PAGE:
Ah, thanks for the clarification. Well, I don't blame them for backing out of Season 6 when Season 5 hasn't even aired.
From what you mentioned, it sounds like there were concerns about whether Eureka would continue beyond Season 4 - even with good ratings, so I wish they had declared that Season 5 would be the last season immediately instead of handling it this way. That way, the writers would have had the entire season to prep for the end instead of this bizarre back and forth where, within a week, they gave the show a 6th season to wrap up and then took it away only to then announce an extra Season 5 episode to wrap up.
If the ratings for the current season were bad, I could understand why they changed their mind about a 6th season, but that's not the case here, so I wonder what happened. I know one of Eureka's execs/writers mentioned that although Syfy loves the show, it's too expensive to keep, but they knew that when they approved the 6 episodes for Season 6 and they likely knew that while they began shooting Season 5, so what happened last week to make them decide that this was it?
Sig by Luciana
No one knows what happened nor will they ever likely.
It's confusing because it was reported that they got renewed for s5 and 6 episodes for s6, but s5 had to have already been approved months ago since they were in the midst of taping it. they were granted 6 episodes for s6, but then that was cancelled and they were told 'nope, this is it'....well they were taping the s5 finale at the time. There was some stuff they could change, but there's only so much time. So they were given another episode.
This isn't totally unprecedented. How about SG1 and Threads being a 90 minute episode? the Pretender, I think, was cancelled to make room for Saturday Night FOotball, and they were given 3-4 TV movies instead of a new season.
It happens sometimes, and it's often more of a buy out than act of good will on the network's part. Especially if the network is breaking any contracts when they cancel a show.
It could be a situation close to what happened to Corin Nemec. Originally, he was hired for seasons 6 and 7, but then MGM changed their mind and he was 'released from his contract'....the buy out, being in two episodes of s7 plus writing an episode.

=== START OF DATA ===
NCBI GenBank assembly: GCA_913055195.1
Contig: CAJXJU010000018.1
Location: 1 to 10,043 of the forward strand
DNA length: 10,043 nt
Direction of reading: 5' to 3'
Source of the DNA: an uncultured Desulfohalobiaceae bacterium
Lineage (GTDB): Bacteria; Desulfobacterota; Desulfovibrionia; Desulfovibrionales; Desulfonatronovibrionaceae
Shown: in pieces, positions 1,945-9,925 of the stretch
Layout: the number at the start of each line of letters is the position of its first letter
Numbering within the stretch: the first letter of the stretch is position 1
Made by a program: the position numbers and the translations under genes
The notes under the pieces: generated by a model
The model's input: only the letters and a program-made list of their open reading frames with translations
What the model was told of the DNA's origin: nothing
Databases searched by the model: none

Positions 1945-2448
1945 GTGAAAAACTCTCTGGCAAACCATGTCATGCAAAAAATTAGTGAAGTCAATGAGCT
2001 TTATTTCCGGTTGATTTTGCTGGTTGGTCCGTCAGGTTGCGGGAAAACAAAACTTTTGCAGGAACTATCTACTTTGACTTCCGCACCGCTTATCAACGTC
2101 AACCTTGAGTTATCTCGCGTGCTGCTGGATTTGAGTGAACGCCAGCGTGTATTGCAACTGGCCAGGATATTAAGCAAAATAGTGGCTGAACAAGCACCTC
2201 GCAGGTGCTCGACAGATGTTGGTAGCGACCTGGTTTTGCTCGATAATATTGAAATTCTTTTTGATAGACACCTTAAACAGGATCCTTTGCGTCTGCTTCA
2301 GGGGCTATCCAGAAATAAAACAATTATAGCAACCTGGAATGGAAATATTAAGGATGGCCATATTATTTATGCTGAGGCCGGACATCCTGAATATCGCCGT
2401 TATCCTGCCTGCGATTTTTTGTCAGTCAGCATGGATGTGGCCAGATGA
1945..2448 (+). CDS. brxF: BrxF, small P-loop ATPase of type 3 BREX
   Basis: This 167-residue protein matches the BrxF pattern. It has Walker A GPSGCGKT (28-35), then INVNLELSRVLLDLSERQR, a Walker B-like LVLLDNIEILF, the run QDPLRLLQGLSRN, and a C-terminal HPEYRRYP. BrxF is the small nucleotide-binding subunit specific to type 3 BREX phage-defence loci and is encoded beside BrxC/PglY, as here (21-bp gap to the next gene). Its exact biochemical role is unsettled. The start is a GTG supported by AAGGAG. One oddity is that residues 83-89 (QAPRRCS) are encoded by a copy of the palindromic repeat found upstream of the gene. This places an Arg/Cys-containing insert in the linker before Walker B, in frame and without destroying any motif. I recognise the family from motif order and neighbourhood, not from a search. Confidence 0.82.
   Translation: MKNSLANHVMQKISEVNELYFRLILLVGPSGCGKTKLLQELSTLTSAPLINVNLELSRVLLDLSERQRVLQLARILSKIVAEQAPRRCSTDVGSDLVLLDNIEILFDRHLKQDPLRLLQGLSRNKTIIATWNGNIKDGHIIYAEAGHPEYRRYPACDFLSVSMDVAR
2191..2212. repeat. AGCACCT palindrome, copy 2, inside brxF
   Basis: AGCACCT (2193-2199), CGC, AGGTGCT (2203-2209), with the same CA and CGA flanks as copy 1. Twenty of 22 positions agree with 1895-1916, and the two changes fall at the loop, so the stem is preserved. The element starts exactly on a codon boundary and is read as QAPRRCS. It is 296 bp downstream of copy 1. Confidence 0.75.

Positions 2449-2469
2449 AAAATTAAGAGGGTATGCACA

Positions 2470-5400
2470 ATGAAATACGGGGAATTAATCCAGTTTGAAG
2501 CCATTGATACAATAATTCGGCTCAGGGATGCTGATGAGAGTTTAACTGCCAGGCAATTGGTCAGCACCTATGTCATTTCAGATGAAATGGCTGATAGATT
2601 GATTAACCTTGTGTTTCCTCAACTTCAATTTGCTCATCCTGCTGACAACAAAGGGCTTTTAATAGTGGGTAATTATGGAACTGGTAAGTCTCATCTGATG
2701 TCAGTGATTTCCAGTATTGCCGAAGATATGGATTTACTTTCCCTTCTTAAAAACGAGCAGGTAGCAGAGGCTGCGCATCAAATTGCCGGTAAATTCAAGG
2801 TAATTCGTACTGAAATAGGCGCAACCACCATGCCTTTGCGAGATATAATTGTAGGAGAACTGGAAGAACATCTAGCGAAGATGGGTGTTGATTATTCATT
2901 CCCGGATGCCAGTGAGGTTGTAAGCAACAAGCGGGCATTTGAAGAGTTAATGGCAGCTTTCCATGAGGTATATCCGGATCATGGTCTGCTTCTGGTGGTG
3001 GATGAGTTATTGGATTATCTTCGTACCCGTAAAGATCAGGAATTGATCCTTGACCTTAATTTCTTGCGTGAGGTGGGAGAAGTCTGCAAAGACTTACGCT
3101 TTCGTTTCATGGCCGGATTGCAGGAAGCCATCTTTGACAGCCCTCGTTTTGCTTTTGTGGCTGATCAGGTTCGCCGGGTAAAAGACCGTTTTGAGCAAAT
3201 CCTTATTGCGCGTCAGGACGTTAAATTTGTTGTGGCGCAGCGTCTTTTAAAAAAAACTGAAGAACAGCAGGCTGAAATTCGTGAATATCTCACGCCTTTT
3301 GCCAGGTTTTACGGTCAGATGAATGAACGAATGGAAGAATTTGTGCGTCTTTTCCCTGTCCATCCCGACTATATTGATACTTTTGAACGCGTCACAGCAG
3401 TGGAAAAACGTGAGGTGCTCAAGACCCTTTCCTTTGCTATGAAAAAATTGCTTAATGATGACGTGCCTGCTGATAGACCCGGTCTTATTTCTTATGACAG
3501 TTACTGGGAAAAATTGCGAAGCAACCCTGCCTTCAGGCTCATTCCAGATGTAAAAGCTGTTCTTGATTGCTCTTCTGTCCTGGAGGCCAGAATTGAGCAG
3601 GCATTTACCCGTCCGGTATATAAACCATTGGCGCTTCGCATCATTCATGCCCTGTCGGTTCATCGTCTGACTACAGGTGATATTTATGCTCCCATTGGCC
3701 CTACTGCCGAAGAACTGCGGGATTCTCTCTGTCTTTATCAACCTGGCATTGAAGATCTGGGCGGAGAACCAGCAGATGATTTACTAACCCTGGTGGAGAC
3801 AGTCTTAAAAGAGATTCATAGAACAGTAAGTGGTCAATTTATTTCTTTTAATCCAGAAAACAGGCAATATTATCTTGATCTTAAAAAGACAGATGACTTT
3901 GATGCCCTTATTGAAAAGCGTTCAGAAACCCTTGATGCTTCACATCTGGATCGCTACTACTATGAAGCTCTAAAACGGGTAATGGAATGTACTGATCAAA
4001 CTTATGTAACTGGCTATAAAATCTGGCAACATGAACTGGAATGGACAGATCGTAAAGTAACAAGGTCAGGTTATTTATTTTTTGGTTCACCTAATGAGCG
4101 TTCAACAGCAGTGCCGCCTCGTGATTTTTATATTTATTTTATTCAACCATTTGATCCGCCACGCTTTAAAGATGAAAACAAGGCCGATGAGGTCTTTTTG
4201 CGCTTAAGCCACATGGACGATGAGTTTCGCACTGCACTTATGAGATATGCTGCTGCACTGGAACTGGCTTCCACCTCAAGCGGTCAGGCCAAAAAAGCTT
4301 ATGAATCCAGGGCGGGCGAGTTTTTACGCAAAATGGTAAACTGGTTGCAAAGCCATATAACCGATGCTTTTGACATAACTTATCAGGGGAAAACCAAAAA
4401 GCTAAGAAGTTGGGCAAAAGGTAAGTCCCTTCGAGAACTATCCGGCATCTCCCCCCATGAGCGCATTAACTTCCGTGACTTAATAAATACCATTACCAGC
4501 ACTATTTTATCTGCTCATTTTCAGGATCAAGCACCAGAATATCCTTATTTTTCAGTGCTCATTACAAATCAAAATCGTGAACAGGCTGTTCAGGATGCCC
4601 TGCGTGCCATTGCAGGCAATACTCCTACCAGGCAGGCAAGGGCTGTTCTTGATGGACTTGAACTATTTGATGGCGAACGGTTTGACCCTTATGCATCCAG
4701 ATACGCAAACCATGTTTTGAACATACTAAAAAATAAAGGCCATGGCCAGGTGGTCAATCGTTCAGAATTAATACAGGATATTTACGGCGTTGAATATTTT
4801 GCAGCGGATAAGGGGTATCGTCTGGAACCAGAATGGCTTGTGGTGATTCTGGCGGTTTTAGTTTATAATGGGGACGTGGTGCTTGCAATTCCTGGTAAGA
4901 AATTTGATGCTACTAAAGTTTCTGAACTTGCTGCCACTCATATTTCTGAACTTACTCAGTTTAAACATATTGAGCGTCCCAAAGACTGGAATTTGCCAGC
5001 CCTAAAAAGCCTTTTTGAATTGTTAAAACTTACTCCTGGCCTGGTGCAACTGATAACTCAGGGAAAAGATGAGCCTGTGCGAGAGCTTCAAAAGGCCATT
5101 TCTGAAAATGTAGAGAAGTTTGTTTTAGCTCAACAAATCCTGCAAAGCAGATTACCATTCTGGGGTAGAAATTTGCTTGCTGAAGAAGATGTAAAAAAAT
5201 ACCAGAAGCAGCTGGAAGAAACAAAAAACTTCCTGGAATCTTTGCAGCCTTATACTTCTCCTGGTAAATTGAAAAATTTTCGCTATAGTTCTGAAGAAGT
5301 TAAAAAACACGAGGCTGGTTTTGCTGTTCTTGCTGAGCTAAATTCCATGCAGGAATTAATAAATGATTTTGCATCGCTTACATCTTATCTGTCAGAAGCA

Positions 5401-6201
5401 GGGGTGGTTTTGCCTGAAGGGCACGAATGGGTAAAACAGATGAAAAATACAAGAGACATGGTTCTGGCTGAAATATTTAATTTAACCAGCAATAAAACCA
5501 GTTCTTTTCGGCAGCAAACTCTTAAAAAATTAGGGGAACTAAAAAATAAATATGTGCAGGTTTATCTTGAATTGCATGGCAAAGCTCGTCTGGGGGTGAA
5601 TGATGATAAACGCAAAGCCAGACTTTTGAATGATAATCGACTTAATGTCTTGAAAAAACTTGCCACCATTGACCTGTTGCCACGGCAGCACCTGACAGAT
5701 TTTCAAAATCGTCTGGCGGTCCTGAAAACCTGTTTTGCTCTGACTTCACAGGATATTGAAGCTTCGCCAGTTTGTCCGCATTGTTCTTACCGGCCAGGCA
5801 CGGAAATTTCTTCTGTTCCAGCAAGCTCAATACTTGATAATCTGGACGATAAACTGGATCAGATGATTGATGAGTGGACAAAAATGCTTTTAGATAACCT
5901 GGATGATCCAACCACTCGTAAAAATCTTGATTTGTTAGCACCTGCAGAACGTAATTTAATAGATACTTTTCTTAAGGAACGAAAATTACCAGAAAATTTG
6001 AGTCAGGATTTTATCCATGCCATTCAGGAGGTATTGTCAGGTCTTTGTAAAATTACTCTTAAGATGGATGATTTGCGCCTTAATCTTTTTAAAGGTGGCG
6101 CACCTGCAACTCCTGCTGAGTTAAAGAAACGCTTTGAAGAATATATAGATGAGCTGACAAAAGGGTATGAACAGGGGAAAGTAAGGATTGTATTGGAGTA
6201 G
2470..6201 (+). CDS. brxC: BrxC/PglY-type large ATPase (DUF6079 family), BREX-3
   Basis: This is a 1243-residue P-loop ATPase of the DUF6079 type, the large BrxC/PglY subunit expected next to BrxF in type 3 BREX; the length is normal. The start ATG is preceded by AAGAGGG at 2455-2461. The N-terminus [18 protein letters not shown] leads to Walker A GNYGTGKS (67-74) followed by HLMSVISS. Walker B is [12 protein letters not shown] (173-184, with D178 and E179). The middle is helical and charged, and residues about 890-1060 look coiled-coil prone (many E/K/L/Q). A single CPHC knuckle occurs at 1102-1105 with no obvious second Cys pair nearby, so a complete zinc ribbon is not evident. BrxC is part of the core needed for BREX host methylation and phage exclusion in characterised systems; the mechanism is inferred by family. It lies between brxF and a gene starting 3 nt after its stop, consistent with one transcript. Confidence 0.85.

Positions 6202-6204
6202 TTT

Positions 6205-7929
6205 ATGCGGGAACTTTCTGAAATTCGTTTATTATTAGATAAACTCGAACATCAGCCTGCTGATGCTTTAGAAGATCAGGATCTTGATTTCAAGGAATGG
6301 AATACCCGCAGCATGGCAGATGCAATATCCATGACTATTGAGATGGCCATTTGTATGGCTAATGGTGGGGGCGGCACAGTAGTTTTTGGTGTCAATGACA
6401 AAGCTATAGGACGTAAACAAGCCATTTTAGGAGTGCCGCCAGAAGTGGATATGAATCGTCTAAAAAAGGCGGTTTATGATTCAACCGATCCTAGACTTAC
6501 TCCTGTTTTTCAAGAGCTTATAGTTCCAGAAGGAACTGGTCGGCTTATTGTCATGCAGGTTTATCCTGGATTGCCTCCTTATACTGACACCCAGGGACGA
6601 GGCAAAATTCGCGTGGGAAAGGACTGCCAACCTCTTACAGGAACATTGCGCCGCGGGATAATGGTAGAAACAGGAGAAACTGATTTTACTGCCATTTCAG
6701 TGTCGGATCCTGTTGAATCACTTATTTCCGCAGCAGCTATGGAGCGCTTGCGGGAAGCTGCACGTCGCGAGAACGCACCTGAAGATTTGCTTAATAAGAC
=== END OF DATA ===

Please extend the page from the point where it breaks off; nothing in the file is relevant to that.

the 'extra' eureka episode may be a kind of severance pay, it's also possible that the Eureka producers were close enough to their budget that they had enough money left over to say 'look, give us a bit more and we can squeeze out an extra episode for not a lot more money'
They got the Season Five renewal in August 2010 - here's the press release.
I was going back and looking at older comments about scheduling in the ratings & scheduling thread. It looked like initially when S4.0 was airing that they believed that S4.5 would air in early 2011, maybe even January. But then it didn't, and later, when Colin Ferguson was asked about what was going on with the show and the short half seasons, he said this....
So it appears that some time after the S5 renewal, the network decided they didn't have the resources to air Eureka more than once a year after all, so to save costs they stretched out their current episodes, which consisted of the S4.5 episodes filmed in 2010 and the S5 episodes filmed this summer.We're all disappointed," Colin responded when we shared your concerns. "We're disappointed too. We'd love to be on a show that aired year-round, or 22 episodes. So the fans' feelings are echoed [but we] don't have same resources as a major network."